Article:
Historic Charleston Foundation is preparing to kick off its biggest fundraiser for the 75th time.
The preservation-focused nonprofit’s Festival of Houses and Gardens begins Wednesday and runs through April 9 with events and tours throughout the city. The 25-day visitor draw is part of the first robust spring event lineup since the COVID-19 pandemic began.
Between improvements with the health crisis and the foundation’s milestone year, the 2022 schedule is filled with many more in-person offerings than last year’s. Gullah Spirituals Concerts will be held at the Circular Congregational Church every Thursday during the festival, and a “Food for Thought” series will bring attendees together for lunch and a lecture.
A series of history lectures are also being offered online.
On Saturdays, the Nathaniel Russell House, one of the museums run by the foundation, will host a “Rosé and Roses” event with wine, light bites and tours of the historic lower Meeting Street home included.
Historic Charleston’s store farther up at 108 Meeting will be hosting pop-up vendors, outdoor yoga, book signings and other activities.
The festival’s namesake tours take visitors through private historic homes and gardens on the peninsula. The foundation said rules around wearing face masks on the tours have been left up to the discretion of the property owners.
Beach it on a budget
South Carolina was nearly shut out of MoneyWise’s newly released list of the top 25 U.S. beach towns where mobile retirees can pack up and move to without breaking the bank.
Credit the Grand Strand, where home prices are well below the nose-bleed real estate values of the Palmetto State’s well-heeled seaside enclaves like the Isle of Palms, Kiawah and Hilton Head.
In addition to its ample supply of coastline, golf courses and seafood restaurants, the No. 13-ranked Myrtle Beach area is “also pretty affordable to live in on a permanent basis,” the personal-finance website reported.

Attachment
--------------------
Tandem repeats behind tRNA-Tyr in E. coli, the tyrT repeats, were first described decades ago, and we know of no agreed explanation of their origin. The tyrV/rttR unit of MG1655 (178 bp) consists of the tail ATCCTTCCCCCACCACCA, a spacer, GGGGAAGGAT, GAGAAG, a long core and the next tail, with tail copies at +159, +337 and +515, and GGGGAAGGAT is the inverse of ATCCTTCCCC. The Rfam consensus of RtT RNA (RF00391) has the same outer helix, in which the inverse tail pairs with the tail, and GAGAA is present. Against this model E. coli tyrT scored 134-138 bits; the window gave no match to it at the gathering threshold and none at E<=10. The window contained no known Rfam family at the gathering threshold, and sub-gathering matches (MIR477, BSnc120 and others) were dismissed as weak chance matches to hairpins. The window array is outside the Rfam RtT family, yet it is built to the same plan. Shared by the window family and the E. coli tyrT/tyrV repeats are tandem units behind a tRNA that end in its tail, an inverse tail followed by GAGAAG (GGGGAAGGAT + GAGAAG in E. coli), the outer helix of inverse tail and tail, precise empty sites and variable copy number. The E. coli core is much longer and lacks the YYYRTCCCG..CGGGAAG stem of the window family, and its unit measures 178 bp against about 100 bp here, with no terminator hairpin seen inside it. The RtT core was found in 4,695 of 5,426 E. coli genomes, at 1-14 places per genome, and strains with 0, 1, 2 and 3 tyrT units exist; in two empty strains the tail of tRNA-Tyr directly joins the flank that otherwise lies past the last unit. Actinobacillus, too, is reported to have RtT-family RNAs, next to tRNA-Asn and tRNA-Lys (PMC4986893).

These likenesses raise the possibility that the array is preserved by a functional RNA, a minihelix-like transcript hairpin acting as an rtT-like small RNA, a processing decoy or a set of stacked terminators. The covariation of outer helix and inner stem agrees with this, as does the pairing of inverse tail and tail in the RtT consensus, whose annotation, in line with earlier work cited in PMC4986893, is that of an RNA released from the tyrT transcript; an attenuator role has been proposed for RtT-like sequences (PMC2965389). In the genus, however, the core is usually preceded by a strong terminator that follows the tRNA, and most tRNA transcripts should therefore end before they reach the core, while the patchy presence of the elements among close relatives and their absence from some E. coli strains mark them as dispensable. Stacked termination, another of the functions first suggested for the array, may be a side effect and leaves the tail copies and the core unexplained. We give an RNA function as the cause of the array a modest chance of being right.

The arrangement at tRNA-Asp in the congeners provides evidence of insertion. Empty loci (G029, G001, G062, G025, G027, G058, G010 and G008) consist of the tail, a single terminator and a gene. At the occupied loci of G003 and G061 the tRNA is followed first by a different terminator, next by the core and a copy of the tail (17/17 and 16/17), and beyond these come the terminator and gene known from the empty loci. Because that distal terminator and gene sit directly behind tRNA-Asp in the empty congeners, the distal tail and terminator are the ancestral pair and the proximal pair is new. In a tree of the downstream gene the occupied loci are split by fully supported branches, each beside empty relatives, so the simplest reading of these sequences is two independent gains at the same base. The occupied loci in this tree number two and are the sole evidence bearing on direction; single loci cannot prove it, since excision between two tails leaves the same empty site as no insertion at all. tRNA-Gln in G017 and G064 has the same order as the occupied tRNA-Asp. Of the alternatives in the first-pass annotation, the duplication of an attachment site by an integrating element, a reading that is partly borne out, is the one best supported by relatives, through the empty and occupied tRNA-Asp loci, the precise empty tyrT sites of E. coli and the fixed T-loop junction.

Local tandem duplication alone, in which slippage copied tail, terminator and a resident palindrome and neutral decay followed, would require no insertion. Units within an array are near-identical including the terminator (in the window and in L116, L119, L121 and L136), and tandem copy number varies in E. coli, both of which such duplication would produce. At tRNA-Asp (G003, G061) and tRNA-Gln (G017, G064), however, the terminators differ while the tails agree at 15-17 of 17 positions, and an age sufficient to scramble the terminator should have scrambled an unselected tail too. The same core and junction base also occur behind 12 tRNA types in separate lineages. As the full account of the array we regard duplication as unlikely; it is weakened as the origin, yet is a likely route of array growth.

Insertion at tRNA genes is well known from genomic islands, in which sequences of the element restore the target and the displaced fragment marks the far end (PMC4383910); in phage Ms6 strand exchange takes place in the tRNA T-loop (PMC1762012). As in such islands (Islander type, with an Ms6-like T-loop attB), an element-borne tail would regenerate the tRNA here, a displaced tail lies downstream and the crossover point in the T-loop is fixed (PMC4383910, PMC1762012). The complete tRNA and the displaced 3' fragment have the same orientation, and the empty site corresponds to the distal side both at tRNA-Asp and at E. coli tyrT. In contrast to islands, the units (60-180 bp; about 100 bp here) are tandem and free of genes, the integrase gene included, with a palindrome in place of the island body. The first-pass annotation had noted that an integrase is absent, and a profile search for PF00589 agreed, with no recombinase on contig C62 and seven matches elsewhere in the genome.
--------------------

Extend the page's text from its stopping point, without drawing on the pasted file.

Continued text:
It pegged the Grand Strand’s median home value at $216,100 and the monthly housing costs at slightly more than $900. Property taxes come in around $850 a year.
MoneyWise also added the obvious caveat to any buyers moving to Myrtle Beach from elsewhere: “Just bear in mind that as a resident you will have to contend with crowds of tourists, especially in the summer.”
Most of the top 25 beach towns that MoneyWise found to be relative bargains were in Florida. Its No. 1 value destination was Biloxi, Miss., along the Gulf Coast.
Showing its metal
The term “supermarket” typically conjures up images of aisle after aisle of food products.
Not always, it turns out.
A new player in town from Canada by way of Florida has nothing to do with consumable nutrition.
Toronto-based Metal Supermarkets is set to open its second South Carolina location this month at 4204 Domino Ave. in North Charleston. Another is in Lyman near Greenville in the Upstate.
The company’s 6,200-square-foot Lowcountry store offers more than 8,000 types, shapes and grades of small-quantity metals, some cut to exact specifications. The inventory includes hot- and cold-rolled, aluminum, copper, brass as well as stainless steel bars, tubes, angles and other configurations.